State lawmakers have decided to make a modest $5 million deposit into the state’s “rainy day” budget reserve fund instead of issuing taxpayer refunds from the state budget surplus this year.
Whenever the state ends two consecutive fiscal years with a general treasury surplus of more than 5% of general fund revenues, the Hawaii Constitution requires lawmakers to either make a refund to state taxpayers, or to tuck away some cash as reserves or payments against future state obligations.
The state ended fiscal year 2018 with a general treasury balance of
$894 million, and ended last fiscal year fiscal year with $750 million, which triggered that constitutional requirement.
In some other years when that constitutional provision kicked in, lawmakers have opted to give taxpayers a “refund” of $1 each. This year,
they chose another approach.
A House-Senate conference committee agreed Monday to appropriate $5 million in Senate Bill 494 for the emergency and budget reserve fund, which is a cache of money that is set aside to help the state navigate unexpected budget shortfalls and economic downturns. The fund now has a balance of more than $375 million.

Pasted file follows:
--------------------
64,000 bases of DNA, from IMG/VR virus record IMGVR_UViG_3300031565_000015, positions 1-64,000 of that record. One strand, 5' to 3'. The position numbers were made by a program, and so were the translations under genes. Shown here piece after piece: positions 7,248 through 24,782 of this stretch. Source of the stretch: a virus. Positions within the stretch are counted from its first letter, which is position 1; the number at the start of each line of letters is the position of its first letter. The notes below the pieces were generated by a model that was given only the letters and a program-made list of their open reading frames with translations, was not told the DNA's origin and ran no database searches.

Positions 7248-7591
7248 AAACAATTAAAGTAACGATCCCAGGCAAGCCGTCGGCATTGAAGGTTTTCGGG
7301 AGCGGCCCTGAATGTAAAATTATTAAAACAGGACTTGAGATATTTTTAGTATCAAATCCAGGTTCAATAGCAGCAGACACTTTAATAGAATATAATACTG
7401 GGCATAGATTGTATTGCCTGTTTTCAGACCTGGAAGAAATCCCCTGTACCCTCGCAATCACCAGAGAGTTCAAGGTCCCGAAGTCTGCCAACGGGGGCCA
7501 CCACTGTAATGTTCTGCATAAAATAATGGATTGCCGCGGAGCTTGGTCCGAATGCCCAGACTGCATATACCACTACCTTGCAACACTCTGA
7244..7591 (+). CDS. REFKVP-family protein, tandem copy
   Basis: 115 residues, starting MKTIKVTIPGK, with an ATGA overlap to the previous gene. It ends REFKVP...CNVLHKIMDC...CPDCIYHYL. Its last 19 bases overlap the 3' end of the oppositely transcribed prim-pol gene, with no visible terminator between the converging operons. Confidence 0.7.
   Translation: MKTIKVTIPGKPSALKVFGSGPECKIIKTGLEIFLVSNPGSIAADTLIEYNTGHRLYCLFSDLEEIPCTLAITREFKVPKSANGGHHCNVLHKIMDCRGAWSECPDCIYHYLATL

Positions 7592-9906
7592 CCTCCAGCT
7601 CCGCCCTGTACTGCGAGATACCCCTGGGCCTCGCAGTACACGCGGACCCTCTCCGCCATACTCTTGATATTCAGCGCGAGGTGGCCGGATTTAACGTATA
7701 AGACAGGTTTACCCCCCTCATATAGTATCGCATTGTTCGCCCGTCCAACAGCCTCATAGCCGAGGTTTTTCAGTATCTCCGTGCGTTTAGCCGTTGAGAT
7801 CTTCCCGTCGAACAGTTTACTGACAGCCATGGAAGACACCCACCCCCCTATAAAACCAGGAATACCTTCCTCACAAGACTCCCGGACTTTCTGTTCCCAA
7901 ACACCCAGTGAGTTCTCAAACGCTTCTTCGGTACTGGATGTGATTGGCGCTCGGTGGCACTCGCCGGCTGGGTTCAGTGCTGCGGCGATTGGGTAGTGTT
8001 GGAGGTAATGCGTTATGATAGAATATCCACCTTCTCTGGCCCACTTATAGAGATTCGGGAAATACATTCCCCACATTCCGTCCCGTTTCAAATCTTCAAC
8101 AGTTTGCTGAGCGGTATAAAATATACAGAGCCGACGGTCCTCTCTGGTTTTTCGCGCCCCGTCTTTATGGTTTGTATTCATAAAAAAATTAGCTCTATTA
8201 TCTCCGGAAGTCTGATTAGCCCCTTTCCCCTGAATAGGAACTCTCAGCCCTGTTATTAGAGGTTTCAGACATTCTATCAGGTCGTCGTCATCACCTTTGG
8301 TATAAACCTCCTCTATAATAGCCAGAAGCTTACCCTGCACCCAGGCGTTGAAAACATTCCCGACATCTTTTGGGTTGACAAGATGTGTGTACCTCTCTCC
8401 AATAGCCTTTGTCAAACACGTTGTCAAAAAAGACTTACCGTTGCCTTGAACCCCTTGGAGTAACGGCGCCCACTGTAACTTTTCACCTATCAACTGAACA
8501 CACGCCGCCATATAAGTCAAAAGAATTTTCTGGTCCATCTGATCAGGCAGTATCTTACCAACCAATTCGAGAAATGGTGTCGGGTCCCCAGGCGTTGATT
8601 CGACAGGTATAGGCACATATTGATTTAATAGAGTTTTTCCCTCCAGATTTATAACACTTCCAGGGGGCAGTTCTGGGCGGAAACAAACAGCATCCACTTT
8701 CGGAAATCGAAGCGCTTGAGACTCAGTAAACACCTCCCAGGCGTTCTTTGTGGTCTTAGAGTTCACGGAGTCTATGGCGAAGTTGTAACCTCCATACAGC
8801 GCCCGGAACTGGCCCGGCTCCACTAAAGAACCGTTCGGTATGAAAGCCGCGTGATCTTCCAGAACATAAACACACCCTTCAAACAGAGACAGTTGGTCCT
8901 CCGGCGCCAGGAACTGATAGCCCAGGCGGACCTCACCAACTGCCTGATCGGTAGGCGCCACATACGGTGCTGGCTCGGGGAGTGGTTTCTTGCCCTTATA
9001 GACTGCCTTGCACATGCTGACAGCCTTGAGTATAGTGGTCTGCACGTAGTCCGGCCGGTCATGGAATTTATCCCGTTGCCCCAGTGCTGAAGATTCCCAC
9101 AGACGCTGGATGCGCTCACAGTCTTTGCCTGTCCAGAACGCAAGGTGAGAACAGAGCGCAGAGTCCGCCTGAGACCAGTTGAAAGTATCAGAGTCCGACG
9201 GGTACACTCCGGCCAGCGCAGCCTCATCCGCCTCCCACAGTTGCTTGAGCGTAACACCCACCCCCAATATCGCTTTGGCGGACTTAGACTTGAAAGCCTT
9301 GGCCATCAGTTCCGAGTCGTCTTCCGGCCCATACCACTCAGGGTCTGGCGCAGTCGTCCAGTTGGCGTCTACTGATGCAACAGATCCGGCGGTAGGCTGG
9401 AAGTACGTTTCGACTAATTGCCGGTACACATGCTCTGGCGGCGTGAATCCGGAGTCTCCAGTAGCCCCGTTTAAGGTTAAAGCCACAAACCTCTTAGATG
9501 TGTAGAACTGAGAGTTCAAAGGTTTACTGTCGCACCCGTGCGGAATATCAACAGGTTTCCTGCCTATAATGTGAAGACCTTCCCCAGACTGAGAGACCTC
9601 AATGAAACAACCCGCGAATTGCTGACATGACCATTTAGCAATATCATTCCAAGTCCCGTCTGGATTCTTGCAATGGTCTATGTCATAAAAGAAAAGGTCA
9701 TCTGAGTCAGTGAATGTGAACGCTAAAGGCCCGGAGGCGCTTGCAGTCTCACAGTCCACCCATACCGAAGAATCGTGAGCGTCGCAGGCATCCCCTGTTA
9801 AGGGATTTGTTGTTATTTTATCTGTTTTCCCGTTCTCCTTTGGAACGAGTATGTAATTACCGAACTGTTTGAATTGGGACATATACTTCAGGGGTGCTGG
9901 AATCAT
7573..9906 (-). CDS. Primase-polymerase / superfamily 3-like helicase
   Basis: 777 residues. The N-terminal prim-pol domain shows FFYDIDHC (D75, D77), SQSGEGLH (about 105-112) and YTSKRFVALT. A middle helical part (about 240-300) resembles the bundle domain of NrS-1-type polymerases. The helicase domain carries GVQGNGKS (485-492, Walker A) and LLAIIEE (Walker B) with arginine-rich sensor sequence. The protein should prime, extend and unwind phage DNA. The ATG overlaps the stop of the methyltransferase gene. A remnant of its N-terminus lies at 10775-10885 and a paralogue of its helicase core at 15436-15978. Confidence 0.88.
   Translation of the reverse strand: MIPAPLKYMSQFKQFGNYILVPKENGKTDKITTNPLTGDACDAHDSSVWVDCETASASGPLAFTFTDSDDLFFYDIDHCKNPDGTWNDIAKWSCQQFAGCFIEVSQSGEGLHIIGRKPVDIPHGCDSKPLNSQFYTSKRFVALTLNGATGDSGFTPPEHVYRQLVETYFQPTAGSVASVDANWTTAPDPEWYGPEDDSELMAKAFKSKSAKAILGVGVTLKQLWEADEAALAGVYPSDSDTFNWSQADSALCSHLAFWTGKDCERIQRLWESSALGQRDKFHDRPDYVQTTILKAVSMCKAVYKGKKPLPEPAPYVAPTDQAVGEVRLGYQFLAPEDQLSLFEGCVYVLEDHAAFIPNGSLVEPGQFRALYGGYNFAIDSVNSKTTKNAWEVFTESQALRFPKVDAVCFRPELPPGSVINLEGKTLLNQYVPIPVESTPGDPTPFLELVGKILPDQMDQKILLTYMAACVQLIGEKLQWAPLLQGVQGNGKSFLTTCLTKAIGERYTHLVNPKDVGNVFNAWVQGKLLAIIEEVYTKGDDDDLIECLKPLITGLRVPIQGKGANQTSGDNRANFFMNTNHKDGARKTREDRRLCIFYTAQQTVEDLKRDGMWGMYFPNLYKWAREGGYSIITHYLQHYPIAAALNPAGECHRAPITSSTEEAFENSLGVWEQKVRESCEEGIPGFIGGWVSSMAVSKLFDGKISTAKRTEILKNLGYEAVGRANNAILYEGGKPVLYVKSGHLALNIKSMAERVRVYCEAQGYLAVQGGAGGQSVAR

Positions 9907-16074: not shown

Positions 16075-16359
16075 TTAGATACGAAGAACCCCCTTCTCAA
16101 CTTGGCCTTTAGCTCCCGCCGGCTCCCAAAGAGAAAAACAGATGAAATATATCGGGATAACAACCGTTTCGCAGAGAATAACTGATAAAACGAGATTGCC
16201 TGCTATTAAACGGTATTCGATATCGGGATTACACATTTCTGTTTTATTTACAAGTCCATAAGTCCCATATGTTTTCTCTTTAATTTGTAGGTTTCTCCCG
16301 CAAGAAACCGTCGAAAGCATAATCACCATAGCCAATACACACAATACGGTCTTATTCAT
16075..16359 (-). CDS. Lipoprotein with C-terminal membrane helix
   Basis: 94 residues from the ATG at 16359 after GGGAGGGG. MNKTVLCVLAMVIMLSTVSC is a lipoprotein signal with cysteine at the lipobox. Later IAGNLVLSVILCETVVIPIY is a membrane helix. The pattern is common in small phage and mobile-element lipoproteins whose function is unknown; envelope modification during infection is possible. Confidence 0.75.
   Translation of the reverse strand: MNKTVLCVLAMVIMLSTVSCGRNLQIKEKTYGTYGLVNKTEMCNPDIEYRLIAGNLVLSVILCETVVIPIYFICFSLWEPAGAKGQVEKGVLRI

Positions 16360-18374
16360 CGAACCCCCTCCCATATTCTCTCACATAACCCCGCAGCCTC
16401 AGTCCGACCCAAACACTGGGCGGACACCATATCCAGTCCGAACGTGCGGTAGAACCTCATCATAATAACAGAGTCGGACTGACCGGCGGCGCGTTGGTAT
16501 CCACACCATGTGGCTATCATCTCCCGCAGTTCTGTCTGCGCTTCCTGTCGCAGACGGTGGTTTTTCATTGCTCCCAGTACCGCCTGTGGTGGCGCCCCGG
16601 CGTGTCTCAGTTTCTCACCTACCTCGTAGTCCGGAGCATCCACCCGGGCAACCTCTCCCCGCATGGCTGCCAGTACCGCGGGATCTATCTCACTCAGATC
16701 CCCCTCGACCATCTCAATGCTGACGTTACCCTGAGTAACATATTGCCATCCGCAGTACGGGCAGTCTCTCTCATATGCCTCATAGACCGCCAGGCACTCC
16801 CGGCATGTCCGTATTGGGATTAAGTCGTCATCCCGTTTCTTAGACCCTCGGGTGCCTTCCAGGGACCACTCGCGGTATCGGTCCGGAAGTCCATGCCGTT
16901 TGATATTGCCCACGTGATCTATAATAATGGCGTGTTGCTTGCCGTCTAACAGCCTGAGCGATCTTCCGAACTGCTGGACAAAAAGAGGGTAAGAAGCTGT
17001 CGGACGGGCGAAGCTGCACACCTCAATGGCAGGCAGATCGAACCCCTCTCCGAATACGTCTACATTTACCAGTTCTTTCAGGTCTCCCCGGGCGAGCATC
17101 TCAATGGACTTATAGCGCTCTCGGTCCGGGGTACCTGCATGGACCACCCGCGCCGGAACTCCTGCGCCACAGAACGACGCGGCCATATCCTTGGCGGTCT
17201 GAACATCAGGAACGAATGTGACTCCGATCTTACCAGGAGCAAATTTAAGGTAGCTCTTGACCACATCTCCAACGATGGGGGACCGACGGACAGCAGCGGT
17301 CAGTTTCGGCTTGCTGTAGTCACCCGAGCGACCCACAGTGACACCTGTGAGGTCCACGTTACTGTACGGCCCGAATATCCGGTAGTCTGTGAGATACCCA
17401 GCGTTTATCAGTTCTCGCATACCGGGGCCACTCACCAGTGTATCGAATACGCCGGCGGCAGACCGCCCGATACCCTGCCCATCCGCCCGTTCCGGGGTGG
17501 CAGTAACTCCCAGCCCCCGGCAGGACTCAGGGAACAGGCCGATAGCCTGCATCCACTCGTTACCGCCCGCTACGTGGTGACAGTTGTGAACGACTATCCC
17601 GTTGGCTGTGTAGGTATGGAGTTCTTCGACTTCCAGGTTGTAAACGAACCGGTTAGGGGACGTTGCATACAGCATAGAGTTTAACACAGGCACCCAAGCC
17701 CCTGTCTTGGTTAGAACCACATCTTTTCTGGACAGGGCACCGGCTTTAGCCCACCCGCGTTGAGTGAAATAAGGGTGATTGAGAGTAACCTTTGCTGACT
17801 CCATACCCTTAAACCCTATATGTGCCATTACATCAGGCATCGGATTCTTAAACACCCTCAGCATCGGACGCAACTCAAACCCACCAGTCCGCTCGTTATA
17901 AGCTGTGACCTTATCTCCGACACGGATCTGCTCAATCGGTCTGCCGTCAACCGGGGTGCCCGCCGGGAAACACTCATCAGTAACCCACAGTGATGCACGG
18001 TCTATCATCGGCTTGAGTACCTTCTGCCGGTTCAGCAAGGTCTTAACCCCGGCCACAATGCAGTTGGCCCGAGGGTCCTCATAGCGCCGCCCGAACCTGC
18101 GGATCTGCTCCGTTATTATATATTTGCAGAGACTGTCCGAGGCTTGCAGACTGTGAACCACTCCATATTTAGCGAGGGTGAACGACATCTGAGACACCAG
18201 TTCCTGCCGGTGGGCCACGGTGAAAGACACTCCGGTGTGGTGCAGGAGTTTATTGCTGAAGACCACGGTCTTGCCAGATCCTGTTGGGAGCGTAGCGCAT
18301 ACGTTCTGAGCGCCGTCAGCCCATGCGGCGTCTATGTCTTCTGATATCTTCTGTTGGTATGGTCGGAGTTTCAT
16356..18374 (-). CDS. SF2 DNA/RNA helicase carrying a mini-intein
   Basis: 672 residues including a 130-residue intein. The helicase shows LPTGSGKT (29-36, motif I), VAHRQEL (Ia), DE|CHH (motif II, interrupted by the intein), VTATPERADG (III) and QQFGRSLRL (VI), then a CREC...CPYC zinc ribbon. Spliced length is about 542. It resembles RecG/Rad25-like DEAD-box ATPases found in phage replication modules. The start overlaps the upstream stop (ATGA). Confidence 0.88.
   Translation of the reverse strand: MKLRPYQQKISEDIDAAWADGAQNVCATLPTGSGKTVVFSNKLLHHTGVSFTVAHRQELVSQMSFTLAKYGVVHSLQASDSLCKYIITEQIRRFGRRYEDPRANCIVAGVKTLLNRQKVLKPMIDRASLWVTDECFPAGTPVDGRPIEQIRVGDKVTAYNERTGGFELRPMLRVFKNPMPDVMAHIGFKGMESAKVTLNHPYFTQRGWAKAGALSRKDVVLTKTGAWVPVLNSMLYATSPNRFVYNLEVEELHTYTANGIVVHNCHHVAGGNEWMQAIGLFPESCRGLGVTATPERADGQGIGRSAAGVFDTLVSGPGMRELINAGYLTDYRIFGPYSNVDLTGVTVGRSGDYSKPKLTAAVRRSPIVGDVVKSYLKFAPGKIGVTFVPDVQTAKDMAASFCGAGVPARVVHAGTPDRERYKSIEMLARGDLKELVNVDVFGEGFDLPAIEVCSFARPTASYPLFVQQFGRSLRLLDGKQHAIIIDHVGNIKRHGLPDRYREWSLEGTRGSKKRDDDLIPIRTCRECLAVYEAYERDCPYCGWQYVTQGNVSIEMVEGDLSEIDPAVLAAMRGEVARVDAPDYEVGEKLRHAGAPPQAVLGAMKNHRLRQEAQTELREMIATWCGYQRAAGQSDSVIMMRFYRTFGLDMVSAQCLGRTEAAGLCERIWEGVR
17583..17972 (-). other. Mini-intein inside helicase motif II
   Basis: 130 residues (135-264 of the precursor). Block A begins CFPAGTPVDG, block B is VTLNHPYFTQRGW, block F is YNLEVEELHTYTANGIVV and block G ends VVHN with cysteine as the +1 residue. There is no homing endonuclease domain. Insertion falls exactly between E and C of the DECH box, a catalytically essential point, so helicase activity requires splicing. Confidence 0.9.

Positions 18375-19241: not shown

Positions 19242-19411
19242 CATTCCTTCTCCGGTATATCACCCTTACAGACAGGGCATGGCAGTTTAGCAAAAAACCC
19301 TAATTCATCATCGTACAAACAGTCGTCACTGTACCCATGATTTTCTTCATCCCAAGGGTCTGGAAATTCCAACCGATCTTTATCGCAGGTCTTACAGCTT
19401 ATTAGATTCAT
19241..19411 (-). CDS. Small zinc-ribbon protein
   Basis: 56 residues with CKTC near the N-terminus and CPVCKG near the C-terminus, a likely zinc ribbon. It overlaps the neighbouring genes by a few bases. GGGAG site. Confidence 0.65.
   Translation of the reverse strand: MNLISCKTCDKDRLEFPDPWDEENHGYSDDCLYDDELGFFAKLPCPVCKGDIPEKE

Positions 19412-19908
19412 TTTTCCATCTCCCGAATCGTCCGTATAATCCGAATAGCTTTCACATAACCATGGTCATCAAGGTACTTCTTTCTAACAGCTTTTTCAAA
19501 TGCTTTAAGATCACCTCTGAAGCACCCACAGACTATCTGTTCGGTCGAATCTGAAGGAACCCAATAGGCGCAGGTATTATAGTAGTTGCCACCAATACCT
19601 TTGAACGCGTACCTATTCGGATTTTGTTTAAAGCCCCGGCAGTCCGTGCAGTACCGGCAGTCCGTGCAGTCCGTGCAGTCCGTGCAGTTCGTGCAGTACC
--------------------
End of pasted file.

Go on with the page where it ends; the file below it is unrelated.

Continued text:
House Finance Committee Chairwoman
Sylvia Luke said lawmakers opted to put money in the rainy day fund
instead of issuing a refund to taxpayers because the growth in state tax collections has been tapering off and “we are looking at kind of a slow time.”
Rather than issuing taxpayer refunds or paying down other state
obligations, “we thought it would make fiscal sense to put (money), even if it’s a little bit into rainy day, just to shore up a little bit more the rainy day (fund),” she said.
SB 494 is scheduled for final votes in the House and Senate later this week.